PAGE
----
Rittenhouse found not guilty on all counts

Pool Photo: Kyle Rittenhouse, right, reacts after hearing the not guilty verdict.

Contributed Article

KENOSHA, WISCONSIN – After about 26 hours of deliberation, a jury in Kenosha, Wisconsin found Kyle Rittenhouse not guilty on all charges.

The Rittenhouse trial has garnered national attention and has (unfortunately) divided those along political ties rather than rationally looking at the evidence in some cases.

Rittenhouse, 18, was just 17 when he shot three men, killing two and wounding the third.

The shooting occurred during protesting/rioting that followed two days after a Kenosha Police officer had shot a black resident, Jacob Blake.

Rittenhouse had faced several felony charges. His defense insisted he acted in self-defense against those attacking him.

Count 1: First-degree reckless homicide, use of a dangerous weapon

This felony charge is connected to the death of Joseph Rosenbaum, the first man Rittenhouse shot. Bystander video shows Rosenbaum chasing Rittenhouse through a parking lot and throwing a plastic bag at him. Rittenhouse flees behind a car and Rosenbaum follows. A video introduced at trial showed Rittenhouse wheeling around and firing as Rosenbaum chased him. Richie McGinniss, a reporter who was trailing Rittenhouse, testified that Rosenbaum lunged for Rittenhouse’s gun.

Reckless homicide differs from intentional homicide in that prosecutors aren’t alleging Rittenhouse intended to murder Rosenbaum. Instead, they’re alleging Rittenhouse caused Rosenbaum’s death in circumstances showing an utter disregard for human life. Jury verdict: Not guilty.

Count 2: First-degree recklessly endangering safety, use of a dangerous weapon

This felony charge is connected to the Rosenbaum shooting. McGinniss told investigators he was in the line of fire when Rittenhouse shot Rosenbaum. The charge is punishable by 12 1/2 years in prison. The weapons modifier carries an additional five years. Jury verdict: Not guilty.

Count 3: First-degree recklessly endangering safety, use of a dangerous weapon

Video shows an unknown man leaping at Rittenhouse and trying to kick him seconds before Anthony Huber moves his skateboard toward him. Rittenhouse appears to fire two rounds at the man but apparently misses as the man runs away.

This charge is a felony punishable by 12 1/2 years in prison. The weapons modifier again would add up to five more years. Jury verdict: Not guilty.

Count 4: First-degree intentional homicide, use of a dangerous weapon

This charge is in Huber’s death. Video shows Rittenhouse running down the street after shooting Rosenbaum when he falls to the street. Huber leaps at him and swings a skateboard at his head and neck and tries to grab Rittenhouse’s gun before Rittenhouse fires. The criminal complaint alleges Rittenhouse aimed the weapon at Huber.

Intentional homicide means just that — a person killed someone and meant to do it. The count carries a mandatory life sentence. The weapons modifier would add up to five years. Jury verdict: Not guilty.

The jury also was given the option of second-degree intentional homicide and first-degree reckless homicide in Huber’s death.

Second-degree intentional homicide is punishable by up to 60 years in prison.

The first-degree reckless homicide charge sought in Huber’s death matches an original charge in Rosenbaum’s death — it would require jurors to decide that Rittenhouse caused Huber’s death with an utter disregard for human life — and is punishable by up to 60 years in prison.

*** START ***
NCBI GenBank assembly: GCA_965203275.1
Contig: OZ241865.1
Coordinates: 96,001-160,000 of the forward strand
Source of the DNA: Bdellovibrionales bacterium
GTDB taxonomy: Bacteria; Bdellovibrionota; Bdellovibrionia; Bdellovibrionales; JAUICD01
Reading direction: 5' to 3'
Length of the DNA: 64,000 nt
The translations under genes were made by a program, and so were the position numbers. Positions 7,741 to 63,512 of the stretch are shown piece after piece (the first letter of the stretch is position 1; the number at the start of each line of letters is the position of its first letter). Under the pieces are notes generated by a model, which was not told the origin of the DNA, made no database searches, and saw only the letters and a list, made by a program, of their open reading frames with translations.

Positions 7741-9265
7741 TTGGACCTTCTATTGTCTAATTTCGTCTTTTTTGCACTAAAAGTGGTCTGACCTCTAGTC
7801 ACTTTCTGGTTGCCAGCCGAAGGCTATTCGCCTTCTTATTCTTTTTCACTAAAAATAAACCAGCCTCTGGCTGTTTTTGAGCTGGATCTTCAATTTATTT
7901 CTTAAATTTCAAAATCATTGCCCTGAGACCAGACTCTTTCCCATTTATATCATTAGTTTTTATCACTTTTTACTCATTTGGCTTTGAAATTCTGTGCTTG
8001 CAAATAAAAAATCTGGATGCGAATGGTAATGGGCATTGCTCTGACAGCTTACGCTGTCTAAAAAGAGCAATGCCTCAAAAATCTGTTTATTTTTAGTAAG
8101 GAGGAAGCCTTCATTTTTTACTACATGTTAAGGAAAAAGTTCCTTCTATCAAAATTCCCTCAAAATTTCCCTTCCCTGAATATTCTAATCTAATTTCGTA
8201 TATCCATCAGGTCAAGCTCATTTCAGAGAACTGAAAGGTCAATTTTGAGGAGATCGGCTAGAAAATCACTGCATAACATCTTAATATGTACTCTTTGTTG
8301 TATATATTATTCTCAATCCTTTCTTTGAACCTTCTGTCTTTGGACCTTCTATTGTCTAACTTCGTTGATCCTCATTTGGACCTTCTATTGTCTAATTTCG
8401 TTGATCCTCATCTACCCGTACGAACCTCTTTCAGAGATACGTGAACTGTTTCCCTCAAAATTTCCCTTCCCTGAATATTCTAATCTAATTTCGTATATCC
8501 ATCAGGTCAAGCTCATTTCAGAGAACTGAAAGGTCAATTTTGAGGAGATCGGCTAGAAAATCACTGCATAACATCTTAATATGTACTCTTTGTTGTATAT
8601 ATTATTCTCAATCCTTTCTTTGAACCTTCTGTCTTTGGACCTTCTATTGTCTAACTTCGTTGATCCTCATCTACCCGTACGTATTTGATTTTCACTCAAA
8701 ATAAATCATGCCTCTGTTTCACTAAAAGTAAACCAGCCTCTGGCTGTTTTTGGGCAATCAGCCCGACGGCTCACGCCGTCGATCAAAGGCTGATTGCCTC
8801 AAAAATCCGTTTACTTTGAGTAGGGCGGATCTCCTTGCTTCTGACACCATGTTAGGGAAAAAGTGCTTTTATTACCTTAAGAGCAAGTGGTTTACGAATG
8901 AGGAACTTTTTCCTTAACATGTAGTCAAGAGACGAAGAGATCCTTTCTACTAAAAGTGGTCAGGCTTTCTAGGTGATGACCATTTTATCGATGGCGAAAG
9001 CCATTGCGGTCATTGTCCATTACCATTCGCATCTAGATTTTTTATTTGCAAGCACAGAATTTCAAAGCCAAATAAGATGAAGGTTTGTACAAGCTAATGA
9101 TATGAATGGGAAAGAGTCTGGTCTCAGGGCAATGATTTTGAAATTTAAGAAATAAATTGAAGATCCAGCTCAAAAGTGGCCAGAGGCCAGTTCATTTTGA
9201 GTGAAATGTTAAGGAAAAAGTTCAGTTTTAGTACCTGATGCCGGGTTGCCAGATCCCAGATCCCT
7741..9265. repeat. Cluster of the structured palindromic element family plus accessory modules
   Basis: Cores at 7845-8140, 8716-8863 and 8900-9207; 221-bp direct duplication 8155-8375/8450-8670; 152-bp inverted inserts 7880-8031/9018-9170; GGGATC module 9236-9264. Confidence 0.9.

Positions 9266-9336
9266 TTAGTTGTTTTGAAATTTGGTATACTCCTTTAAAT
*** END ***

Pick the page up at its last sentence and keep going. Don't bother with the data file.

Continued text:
Count 5: Attempted first-degree intentional homicide, use of a dangerous weapon

This is the charge for Rittenhouse shooting Gaige Grosskreutz in the arm seconds after he shot Huber, and as Grosskreutz came toward him holding a pistol. Grosskreutz survived. Video shows Rittenhouse pointing his gun at Grosskreutz and firing a single round.

The charge carries a maximum sentence of 60 years. The weapons modifier would add up to five more years.

Pool Photo: Kyle Rittenhouse is a free man after being found not guilty on all charges.

The jury has also been given the option of considering second-degree attempted intentional homicide and first-degree reckless endangerment charges.

The possible punishment for attempted second-degree intentional homicide is 30 years. Attempted first-degree reckless endangerment is punishable by up to 12 1/2 years. Jury verdict: Not guilty.

Count 6: Possession of a dangerous weapon by a person under 18

The judge dismissed this charge on Monday.

Rittenhouse was armed with an AR-style semi-automatic rifle. He was 17 years old on the night of the shootings. Wisconsin law prohibits minors from possessing firearms except for hunting or when supervised by an adult in target practice or instruction in the proper use of a dangerous weapon. Rittenhouse’s attorneys argued that another subsection of the law, regarding short-barreled rifles, provided grounds for dismissing the charge.

Prosecutors argued the defense was misreading the statute, and Schroeder had earlier twice declined to dismiss the charge. But the judge also had said the statute was confusing. After prosecutors conceded that the rifle was not short-barreled, Schroeder dismissed the charge.

Count 7: Failure to comply with an emergency order from state or local government

Rittenhouse was charged with being out on the streets after an 8 p.m. curfew imposed by the city, a minor offense that carries a fine of up to $200. The judge dismissed this charge during the trial, saying the prosecution didn’t offer enough evidence to prove it.

At the conclusion of the hearing, Wisconsin Superior Court Judge Bruce Schroeder thanked the jurors for their service and complimented them on their diligence.

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